5. Canada
  6. Colombia
  7. Costa Rica
  8. Denmark
  9. Ecuador
  10. El Salvador
  11. Estonia
  12. Finland
  13. France
  14. Germany
  15. Greece
  16. Guatemala
  17. Iceland
  18. Italy
  19. Japan
  20. Kenya
  21. Malta
  22. Mexico
  23. Netherlands
  24. New Zealand
  25. North Macedonia
  26. Norway
  27. Peru
  28. Poland
  29. Qatar
  30. Sierra Leone
  31. South Africa
  32. Sweden
  33. Switzerland
  34. Türkiye
  35. UK
  36. Uruguay
  37. Venezuela

Nutrition and Dietetics Professionals Sustainable Food Systems Knowledge Seeking Behaviour (2024)

Citation: Powell, R., Carlsson, L., & Callaghan, E. (2024). Nutrition and Dietetics Professionals Sustainable Food Systems Knowledge Seeking Behaviour. Journal of Hunger & Environmental Nutrition, 1–17. https://doi.org/10.1080/19320248.2024.2321231 (paywall)

Abstract

Sustainable food system (SFS) competence is a new and recognized knowledge area for nutrition and dietetics professionals (NDP). This research seeks to describe the SFS knowledge-seeking behavior of NDP.

Secondary data analysis of 231 anonymous self-assessments collected between September 2020 to December 2021 indicate a high proportion (41%) of self-assessed “beginners” in this topic at a mixture of career stages.

There was a preference for learning about topics that already have significant public attention globally. More advanced practitioners sought more applied information.

These results are informative for updating education and professional development tools for NDP.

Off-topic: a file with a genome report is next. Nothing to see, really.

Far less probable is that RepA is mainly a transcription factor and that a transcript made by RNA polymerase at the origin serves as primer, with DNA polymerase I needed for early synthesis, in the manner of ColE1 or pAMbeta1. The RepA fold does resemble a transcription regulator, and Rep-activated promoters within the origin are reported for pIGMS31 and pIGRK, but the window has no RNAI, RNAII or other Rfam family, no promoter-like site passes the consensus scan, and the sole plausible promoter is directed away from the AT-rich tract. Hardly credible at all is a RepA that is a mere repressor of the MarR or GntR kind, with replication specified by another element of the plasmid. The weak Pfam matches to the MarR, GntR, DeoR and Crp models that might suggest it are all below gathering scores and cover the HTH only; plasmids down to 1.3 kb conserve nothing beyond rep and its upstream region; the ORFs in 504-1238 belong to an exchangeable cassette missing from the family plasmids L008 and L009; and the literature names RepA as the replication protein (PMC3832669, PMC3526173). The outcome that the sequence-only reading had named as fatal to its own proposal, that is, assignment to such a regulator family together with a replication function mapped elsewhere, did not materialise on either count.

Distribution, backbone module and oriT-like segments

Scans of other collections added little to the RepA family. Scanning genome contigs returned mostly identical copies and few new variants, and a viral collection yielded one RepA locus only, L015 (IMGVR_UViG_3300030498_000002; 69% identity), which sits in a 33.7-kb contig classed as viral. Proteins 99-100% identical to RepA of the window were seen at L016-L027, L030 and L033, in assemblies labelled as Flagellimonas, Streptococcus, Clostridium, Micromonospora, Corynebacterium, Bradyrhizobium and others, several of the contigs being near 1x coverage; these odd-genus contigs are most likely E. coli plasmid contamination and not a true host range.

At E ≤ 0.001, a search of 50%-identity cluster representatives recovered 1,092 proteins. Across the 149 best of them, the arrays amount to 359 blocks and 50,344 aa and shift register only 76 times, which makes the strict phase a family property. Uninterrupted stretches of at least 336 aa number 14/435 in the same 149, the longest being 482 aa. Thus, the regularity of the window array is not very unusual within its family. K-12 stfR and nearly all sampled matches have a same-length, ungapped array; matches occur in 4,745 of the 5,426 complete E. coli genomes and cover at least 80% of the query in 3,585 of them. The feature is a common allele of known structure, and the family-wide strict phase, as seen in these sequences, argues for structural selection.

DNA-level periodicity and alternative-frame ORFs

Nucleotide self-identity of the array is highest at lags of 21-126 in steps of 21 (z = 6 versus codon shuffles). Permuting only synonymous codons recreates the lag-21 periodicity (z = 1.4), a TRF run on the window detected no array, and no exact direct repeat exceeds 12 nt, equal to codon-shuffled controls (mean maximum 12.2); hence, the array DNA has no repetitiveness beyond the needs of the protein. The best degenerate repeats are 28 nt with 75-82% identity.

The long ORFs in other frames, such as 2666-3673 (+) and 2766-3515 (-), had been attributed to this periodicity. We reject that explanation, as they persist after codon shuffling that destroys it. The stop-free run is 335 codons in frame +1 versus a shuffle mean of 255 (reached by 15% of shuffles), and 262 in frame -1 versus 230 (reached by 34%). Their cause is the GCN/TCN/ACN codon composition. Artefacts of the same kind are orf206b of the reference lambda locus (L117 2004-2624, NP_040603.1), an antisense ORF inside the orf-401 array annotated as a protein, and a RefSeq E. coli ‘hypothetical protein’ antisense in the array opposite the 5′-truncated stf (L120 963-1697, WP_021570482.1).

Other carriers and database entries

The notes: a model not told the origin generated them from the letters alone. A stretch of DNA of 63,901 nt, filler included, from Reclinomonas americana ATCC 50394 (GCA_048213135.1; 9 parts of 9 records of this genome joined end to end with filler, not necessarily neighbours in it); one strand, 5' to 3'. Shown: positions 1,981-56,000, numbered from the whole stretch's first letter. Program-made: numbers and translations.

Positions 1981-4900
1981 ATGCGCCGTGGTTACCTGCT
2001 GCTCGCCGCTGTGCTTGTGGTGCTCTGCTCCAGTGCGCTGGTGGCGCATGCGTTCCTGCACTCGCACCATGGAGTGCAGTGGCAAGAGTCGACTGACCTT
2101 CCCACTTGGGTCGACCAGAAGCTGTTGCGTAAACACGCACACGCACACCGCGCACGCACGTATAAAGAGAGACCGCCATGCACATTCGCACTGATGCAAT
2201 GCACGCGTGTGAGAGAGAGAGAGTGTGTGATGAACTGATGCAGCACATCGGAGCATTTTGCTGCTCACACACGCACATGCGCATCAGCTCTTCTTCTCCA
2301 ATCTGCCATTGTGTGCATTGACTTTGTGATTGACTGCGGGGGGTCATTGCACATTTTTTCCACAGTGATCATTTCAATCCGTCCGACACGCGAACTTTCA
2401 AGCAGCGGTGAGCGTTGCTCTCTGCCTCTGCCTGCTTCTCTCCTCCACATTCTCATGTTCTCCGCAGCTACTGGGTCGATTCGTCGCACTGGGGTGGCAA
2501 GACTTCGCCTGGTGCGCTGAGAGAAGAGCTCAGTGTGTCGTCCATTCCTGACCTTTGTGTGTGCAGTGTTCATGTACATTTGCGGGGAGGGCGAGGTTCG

Availability and Accessibility of Healthy and Unhealthy Foods in Neighborhood and their Association with Noncommunicable Diseases: A Scoping Review (2024)

Sachdeva B, Puri S, Aeri BT. Availability and accessibility of healthy and unhealthy foods in neighborhood and their association with noncommunicable diseases: A scoping review. Indian J Public Health 2024;68:95-105. DOI: 10.4103/ijph.ijph_436_23

Abstract

Worldwide, 7 million mortalities and 187.7 million morbidities have been associated with dietary risks. Poor diets emerge because of an obesogenic environment. However, clear evidence indicating an association between food environment and noncommunicable diseases (NCDs) is inconclusive.

The present review was conducted to study the associations between the availability/accessibility of healthy/unhealthy foods and the risk of NCDs among adults of the age group above 18. Studies published between 2012 and 2022 were retrieved using three databases – PubMed, Google Scholar, and Science Direct.

Following Preferred Reporting Items for Systematic Reviews and Meta-Analyses extension for Scoping Reviews (PRISMA-ScR), (2018) guidelines and based on the selection criteria, 3034 studies were retrieved, of which 64 were included in this review. Maximum studies were conducted in high-income countries and adopted a cross-sectional study design.

Overall, the results of the review illustrate mixed findings.

  • Compared to healthy food, direct associations between obesity and the availability/accessibility of unhealthy foods were reported (n = 12).
  • In the case of diabetes, supermarket availability was more likely to be protective (4 positive) compared to a negative association with unhealthy food stores (3 associations in 11 studies).
  • For cardiovascular diseases, an increased number of cases with fast-food outlets (n = 6) outnumbered positive associations with healthy food (n = 3).
  • Studies concerning multiple NCDs reported direct associations with unhealthy food outlets (n = 5) while inconclusive associations with healthy food.

Despite a large number of studies, a weak, inconclusive relationship between food environment and NCDs was found. The use of standardized tools and longitudinal and interventional studies are warranted to rationalize the execution of the policies related to the food environment.